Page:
Maybe, like the seven blindfolded wise men and the elephant, too many of us failed to see the whole picture. Krumdieck tells this story at the end of chapter four. The failure of the men (it’s always men, she notes) to remove their blindfolds describes the situation of experts with their own limited understanding of one part of the system and their inability to see the whole picture. Thus we chase after renewable electricity hoping this will extend our comfortable lives. But what we don’t see is what the EROEI analysis tells us – energy return on energy invested – not all energy systems are created equal.
Our material comforts were created using a net energy return of 100.1, provided by oil and coal when they were in easy reach. Renewables can’t promise any more than a meagre 15, or less depending on which renewable. Don’t skip chapter four – understanding EROEI is crucial.
Krumdieck has a nice short history of economics and a chapter on Transition Economics: balancing costs and benefits. “Transition economics analyses costs and benefits based on real value. Real value is the same throughout time, regardless of the value of money.”
The story that ends chapter six is of The Emperor’s New Clothes and its lesson of the false focus on wealth and finery. But it’s not just the powerful and the people who go along with it. Krumdieck says this of her fellow professionals:
“…. if we technologists are participating in and profiting from that delusion of continuous growth and technological progress by providing new and more exciting energy solutions that aren’t really there, then we are really the bad guys in the story.”
Now switch forward 100 years to see what engineers, and others, will have achieved. Christchurch is her example and the city is, she assures us, working well without oil. “Electric trams and trains are in use, electric bikes are common … Much of the road area has been redeveloped into tramways, public spaces, food production and green space. Urban gardening is prevalent….”
Life goes on.
Slotted through the text in capitals are six “Transition Engineering Concepts” – Krumdieck aphorisms of which perhaps the most salutary is Concept 2: “a global average temperature rise is not a target; it is a failure limit.”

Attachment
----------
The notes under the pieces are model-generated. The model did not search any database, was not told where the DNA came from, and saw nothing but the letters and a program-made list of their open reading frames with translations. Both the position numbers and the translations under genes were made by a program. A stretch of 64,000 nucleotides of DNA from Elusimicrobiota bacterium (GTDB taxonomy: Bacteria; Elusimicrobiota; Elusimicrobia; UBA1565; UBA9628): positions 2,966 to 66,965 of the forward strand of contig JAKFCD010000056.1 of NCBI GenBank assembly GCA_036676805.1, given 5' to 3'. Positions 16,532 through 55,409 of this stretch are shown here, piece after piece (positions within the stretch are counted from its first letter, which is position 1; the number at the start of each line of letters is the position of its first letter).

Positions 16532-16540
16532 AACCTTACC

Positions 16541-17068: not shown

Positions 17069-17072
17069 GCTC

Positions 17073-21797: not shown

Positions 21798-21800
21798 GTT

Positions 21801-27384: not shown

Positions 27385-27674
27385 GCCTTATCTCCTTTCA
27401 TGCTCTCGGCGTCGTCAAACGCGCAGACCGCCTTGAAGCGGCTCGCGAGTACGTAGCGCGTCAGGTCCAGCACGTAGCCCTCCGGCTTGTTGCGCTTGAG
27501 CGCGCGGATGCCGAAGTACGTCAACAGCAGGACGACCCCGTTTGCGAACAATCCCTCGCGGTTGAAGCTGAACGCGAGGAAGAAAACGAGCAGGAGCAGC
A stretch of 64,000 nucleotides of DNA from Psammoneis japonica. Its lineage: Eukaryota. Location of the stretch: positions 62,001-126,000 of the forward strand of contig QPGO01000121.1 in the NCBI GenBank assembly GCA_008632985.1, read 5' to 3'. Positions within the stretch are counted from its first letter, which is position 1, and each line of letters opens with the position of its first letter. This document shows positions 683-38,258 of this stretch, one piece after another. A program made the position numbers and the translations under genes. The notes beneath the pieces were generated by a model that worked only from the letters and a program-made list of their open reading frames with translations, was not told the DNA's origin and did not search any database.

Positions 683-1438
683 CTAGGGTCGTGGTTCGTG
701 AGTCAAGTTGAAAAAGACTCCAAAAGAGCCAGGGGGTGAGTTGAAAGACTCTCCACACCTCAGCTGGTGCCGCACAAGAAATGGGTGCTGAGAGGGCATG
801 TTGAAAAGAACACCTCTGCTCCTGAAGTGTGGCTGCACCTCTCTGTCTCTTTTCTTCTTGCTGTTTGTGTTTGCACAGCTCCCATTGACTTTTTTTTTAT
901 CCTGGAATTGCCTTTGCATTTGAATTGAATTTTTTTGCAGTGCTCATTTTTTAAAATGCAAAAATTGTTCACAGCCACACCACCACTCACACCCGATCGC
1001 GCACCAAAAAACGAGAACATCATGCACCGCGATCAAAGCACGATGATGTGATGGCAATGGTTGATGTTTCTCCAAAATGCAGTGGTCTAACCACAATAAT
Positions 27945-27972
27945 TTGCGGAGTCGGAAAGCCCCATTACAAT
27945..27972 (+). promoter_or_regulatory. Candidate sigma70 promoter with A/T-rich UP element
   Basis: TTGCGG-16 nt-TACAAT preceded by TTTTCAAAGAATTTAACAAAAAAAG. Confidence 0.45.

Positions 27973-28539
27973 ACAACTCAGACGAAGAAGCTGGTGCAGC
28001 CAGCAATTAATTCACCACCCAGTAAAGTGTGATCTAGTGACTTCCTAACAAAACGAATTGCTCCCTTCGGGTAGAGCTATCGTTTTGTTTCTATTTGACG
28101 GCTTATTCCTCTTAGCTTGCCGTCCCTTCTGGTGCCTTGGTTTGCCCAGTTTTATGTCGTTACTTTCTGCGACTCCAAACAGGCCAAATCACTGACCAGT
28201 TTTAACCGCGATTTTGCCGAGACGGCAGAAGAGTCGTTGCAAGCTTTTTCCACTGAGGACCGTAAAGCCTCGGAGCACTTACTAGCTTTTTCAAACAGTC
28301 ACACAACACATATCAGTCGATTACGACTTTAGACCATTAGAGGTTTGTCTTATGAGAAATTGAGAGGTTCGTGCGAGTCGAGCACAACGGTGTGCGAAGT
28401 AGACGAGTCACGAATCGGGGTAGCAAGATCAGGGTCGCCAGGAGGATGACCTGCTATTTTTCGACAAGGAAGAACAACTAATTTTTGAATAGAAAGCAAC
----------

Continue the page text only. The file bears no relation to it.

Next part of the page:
These words end the book: “Now get busy preventing what is preventable.”
The admonition is addressed to you and to me and to engineers – and to a Government which recently made the state of emergency we’re in official. Krumdieck reminds us of four actions the International Energy Association proposed governments carry out. That was in 2014.
1. Eliminate subsidies for fossil fuel production.
2. Focus on energy efficiency to stop and reverse demand growth.
3. Increase investments in low carbon shifts by a factor of four.
4. Increase CO2 prices and support for carbon sequestration.
In New Zealand we’re almost there on the first point. We pay no direct subsidies to oil industries and the last tax break for off-shore oil rigs is due to expire in 2024. Let’s hope emergency action will be taken to speed up points 2, 3 and 4.
Professor Krumdieck comments:
These are all “top-down” government policy recommendations that few people have any influence on. In the recent Convergence for Carbon Transition meeting of transition engineers across New Zealand (without flying) the sense that transitioneers – the people across disciplines working on transition engineering – are like “climate emergency first responders”. They proposed and voted on a few key “ground-up” actions to take forward:
1. All engineers and professionals should do “climate emergency training” like they currently do for safety training, first aid, fire safety and security.
2. New Zealand should have a Transition HQ and a Transition Lab where communities and companies can come for accurate information and where they can get help to work through their transition discovery processes.
3. Write a proposal to the Prime Minister to suggest appointment of a Transition Engineering Advisor so that cabinet ministers can get accurate information.
Transition Engineering: Building a sustainable Future, Susan Krumdieck (CRC Press, 2020)